20:1-10 The trials David met with, prepared him for future advancement. Thus the Lord deals with those whom he prepares unto glory. He does not put them into immediate possession of the kingdom, but leads them to it through much tribulation, which he makes the means of fitting them for it. Let them not murmur at his gracious appointment, nor distrust his care; but let them look forward with joyful expectation to the crown which is laid up for them. Sometimes it appears to us that there is but a step between us and death; at all times it may be so, and we should prepare for the event. But though dangers appear most threatening, we cannot die till the purpose of God concerning us is accomplished; nor till we have served our generation according to his will, if we are believers. Jonathan generously offers David his services. This is true friendship. Thus Christ testifies his love to us, Ask, and it shall be done for you; and we must testify our love to him, by keeping his commandments.
1Sa 20:1-10. David Consults with Jonathan for His Safety.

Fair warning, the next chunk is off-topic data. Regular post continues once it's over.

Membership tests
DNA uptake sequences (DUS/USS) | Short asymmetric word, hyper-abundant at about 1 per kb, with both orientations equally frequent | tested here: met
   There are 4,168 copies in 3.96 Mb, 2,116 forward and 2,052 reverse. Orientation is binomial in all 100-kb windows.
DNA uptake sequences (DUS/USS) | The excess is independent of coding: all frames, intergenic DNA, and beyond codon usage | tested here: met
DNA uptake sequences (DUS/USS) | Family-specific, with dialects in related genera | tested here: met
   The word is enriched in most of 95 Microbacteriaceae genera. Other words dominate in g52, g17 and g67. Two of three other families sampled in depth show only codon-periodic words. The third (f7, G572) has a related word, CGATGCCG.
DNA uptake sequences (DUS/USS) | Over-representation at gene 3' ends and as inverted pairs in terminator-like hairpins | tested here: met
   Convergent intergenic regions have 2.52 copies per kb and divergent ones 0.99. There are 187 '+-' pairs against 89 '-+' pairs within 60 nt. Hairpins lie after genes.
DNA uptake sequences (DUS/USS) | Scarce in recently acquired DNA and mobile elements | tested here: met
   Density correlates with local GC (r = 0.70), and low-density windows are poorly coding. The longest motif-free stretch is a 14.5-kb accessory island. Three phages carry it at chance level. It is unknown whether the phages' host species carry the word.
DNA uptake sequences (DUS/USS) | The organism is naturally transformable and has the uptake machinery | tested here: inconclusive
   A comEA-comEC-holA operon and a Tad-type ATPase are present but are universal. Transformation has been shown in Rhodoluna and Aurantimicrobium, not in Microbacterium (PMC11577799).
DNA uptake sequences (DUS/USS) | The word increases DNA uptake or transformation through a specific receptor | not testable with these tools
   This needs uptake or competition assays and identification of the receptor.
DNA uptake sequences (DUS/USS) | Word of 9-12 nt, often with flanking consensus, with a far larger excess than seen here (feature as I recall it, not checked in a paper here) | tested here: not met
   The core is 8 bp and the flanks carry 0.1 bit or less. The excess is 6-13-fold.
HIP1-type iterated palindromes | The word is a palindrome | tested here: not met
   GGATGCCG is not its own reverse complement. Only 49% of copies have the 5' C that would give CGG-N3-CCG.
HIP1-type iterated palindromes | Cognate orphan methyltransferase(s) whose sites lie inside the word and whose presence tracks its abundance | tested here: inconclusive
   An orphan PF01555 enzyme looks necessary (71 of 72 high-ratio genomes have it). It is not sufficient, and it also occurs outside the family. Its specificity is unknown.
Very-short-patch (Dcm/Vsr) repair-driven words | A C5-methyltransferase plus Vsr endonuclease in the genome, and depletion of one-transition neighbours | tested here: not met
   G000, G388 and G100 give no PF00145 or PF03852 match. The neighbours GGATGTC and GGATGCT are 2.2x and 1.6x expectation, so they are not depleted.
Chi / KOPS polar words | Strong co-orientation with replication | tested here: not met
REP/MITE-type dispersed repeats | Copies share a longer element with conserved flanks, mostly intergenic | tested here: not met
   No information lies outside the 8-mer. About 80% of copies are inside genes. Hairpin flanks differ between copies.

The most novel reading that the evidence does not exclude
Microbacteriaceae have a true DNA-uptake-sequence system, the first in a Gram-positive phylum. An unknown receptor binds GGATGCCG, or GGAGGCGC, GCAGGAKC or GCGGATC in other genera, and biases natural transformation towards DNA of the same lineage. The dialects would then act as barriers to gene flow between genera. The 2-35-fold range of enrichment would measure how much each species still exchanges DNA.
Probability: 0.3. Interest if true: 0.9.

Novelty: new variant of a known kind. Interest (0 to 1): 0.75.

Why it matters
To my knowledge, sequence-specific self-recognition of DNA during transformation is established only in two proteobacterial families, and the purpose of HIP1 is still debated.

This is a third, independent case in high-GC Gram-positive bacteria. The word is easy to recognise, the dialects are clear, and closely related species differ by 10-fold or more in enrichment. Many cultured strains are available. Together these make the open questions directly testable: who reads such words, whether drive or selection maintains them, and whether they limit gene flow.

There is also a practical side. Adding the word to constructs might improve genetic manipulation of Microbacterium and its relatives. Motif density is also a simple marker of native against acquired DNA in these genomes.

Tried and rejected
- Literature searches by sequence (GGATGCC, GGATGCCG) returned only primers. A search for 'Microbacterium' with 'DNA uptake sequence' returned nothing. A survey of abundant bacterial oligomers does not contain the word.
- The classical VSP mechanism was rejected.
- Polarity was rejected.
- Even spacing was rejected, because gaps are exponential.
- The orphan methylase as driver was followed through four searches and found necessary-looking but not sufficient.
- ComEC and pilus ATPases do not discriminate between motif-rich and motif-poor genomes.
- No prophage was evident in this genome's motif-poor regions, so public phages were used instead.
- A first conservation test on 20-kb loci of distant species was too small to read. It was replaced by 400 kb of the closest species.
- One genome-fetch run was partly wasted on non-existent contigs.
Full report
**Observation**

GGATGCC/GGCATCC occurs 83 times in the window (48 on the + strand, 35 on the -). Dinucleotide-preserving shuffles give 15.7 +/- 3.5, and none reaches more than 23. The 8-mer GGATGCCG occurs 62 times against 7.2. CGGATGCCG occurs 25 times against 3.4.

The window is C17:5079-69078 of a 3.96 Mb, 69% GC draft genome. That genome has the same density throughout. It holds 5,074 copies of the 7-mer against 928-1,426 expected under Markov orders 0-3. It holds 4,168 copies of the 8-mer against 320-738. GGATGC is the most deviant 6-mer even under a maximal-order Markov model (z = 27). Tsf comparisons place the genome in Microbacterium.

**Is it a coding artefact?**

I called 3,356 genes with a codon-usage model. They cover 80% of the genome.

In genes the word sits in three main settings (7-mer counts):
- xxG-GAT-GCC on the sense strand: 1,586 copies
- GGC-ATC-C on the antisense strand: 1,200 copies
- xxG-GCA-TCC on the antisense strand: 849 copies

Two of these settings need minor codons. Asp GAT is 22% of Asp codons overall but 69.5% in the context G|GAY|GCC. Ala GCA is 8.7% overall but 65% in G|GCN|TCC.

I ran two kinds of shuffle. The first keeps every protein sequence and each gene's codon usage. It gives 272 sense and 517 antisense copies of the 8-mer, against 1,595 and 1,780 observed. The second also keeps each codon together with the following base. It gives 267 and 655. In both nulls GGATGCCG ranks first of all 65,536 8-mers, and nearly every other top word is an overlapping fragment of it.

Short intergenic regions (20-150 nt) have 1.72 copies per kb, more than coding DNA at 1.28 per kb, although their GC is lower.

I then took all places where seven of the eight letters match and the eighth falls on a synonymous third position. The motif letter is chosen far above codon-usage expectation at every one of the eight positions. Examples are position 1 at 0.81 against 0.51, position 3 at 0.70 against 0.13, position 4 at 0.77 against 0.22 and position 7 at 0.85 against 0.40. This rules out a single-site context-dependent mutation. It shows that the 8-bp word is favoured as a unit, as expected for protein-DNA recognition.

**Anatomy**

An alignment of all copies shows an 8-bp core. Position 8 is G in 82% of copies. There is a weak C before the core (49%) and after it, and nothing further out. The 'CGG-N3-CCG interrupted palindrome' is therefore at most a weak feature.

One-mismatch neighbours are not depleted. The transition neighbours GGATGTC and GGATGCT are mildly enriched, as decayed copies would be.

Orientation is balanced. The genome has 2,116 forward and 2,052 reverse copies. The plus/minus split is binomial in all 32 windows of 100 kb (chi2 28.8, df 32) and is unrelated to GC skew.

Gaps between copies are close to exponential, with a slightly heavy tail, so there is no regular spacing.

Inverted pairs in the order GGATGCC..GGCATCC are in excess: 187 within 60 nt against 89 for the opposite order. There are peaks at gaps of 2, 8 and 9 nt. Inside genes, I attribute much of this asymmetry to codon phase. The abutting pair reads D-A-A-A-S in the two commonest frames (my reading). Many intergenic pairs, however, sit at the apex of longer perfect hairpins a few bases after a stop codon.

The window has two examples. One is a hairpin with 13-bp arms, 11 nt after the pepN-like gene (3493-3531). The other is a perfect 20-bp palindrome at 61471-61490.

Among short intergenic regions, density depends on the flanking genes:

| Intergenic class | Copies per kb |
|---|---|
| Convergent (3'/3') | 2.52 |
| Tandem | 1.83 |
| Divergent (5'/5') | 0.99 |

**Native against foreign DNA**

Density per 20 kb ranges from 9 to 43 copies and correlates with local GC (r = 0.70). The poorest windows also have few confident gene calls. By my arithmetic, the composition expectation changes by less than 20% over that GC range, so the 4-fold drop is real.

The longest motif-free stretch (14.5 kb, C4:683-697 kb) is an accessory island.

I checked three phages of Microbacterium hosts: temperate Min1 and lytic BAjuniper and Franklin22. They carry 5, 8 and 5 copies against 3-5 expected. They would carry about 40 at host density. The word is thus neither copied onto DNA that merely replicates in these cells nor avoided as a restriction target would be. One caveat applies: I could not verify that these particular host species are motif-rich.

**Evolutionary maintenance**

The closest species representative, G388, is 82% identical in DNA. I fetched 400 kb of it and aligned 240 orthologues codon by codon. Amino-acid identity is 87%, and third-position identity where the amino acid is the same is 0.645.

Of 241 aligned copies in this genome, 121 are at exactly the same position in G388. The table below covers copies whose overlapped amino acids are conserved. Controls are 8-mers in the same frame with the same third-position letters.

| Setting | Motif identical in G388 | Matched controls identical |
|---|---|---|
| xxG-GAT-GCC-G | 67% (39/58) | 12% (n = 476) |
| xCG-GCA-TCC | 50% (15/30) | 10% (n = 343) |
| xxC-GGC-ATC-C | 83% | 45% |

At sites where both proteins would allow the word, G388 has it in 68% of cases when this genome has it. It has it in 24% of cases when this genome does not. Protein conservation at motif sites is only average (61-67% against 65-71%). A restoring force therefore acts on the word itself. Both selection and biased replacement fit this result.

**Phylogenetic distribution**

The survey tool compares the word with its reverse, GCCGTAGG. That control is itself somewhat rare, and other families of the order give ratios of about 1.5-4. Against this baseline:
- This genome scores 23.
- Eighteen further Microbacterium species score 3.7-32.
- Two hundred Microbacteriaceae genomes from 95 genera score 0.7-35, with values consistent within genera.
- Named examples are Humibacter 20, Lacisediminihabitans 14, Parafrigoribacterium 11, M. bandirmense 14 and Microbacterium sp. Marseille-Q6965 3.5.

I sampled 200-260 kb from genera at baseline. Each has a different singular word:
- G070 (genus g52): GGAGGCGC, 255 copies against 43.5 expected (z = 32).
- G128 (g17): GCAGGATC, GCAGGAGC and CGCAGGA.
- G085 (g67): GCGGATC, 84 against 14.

1-3. David fled from Naioth in Ramah, and came and said before Jonathan—He could not remain in Naioth, for he had strong reason to fear that when the religious fit, if we may so call it, was over, Saul would relapse into his usual fell and sanguinary temper. It may be thought that David acted imprudently in directing his flight to Gibeah. But he was evidently prompted to go thither by the most generous feelings—to inform his friend of what had recently occurred, and to obtain that friend's sanction to the course he was compelled to adopt. Jonathan could not be persuaded there was any real danger after the oath his father had taken; at all events, he felt assured his father would do nothing without telling him. Filial attachment naturally blinded the prince to defects in the parental character and made him reluctant to believe his father capable of such atrocity. David repeated his unshaken convictions of Saul's murderous purpose, but in terms delicately chosen (1Sa 20:3), not to wound the filial feelings of his friend; while Jonathan, clinging, it would seem, to a hope that the extraordinary scene enacted at Naioth might have wrought a sanctified improvement on Saul's temper and feelings, undertook to inform David of the result of his observations at home.